When we were preparing for Wintermuse’s arrival, we bought several things.
- Food (Proplan and Fancy Feast kitten food + Proplan dry kitten food).
- A cat carrier. It just happened to be shaped like a picnic basket.
- A litter box that ended up being too small, and World’s Best litter.
- A Da Bird feather toy on a stick, which she continues to love.
- Allerpet C, which we’ve never had to use.
- A cat brush, which we’ve never had to use.
- Whiskas cat temptations, which are like crack-cocaine to her.
- A scratching post with a ball on it.
The scratching post was completely worth the $15 we paid for it. We assembled the base, the top post, and the bottom post, and got a total 21 inches of scratching area. The bottom is carpet and the top is sisal, the straw-like stuff cats love. The top is rounded with soft fluff, and a ball is firmly attached with an elastic string. It’s filled with something jingly to make it extra awesome.
Because it’s so tall, she gets a good stretch. She claws the sisal and noms on the carpet. She also climbs the post and perches on the top, and despite rigorous playing, has not dislodged the plush ball.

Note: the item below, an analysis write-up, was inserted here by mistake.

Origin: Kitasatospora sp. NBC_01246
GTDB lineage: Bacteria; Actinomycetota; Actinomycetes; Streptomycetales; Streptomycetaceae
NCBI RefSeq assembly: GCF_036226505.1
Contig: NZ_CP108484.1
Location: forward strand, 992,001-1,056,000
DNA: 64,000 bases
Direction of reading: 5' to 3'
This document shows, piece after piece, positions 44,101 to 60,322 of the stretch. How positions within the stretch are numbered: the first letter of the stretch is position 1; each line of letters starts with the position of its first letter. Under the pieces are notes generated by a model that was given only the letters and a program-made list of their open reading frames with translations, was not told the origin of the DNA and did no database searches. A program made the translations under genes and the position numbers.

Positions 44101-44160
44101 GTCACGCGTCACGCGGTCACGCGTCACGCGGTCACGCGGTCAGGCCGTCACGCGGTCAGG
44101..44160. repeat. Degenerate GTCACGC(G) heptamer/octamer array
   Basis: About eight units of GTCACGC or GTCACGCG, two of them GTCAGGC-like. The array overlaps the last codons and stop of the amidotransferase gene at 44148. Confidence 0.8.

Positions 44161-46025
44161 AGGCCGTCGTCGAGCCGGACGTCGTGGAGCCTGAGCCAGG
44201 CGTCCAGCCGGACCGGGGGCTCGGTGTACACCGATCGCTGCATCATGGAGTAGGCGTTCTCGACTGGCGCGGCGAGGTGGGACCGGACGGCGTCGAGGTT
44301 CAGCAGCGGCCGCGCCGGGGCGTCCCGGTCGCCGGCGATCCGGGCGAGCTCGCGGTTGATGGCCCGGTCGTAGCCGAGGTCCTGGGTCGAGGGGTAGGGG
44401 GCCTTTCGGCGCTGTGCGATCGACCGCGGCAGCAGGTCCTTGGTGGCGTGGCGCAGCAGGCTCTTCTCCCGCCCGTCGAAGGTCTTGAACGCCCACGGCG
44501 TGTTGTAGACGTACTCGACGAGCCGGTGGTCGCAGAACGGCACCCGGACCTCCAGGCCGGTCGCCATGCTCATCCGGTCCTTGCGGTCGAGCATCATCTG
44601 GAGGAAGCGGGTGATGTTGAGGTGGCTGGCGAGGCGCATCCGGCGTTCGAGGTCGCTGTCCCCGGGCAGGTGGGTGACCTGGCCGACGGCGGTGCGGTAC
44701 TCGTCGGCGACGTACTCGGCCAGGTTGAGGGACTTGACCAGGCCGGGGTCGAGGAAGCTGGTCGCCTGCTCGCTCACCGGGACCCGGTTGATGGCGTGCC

Check out the toe action in the left corner.
Those are some splayed paws. Usually her limbs are very narrow and delicate.
As you can see, it really helps her with balance because she’s on her back feet, and it also lets her stretch (which just happens to show off her awesome spots).
Her expression says ‘Oh noes!’ to me here. Again, check out those fat paws! If you watch a human run barefoot on grass, you’ll notice that their toes also widen and scrunch continuously to maintain balance through the stride. It’s one reason that running barefoot is better than doing so in shoes — they inhibit the gripping ability of the toes.
Aaand she’s seen something else she finds more interesting. She reminds me of Hobbes right here.
Wintermuse often has ADHD when it comes to toys. If she is playing with one but sees another, she’ll get distracted by it, bat it, and then usually but not always return to the original toy.
In fact, when we play with her with any kind of rope or dangly toy on a stick, we always switch in a small chew toy at the end. She seems to get frustrated that she can never catch the flying bird or ribbon, plus she doesn’t want play time to end, so we toss her something she can take her aggression out on. Since it’s a stationary toy, she’ll paw at it, and when it stops moving, she can assume she killed it and walk away.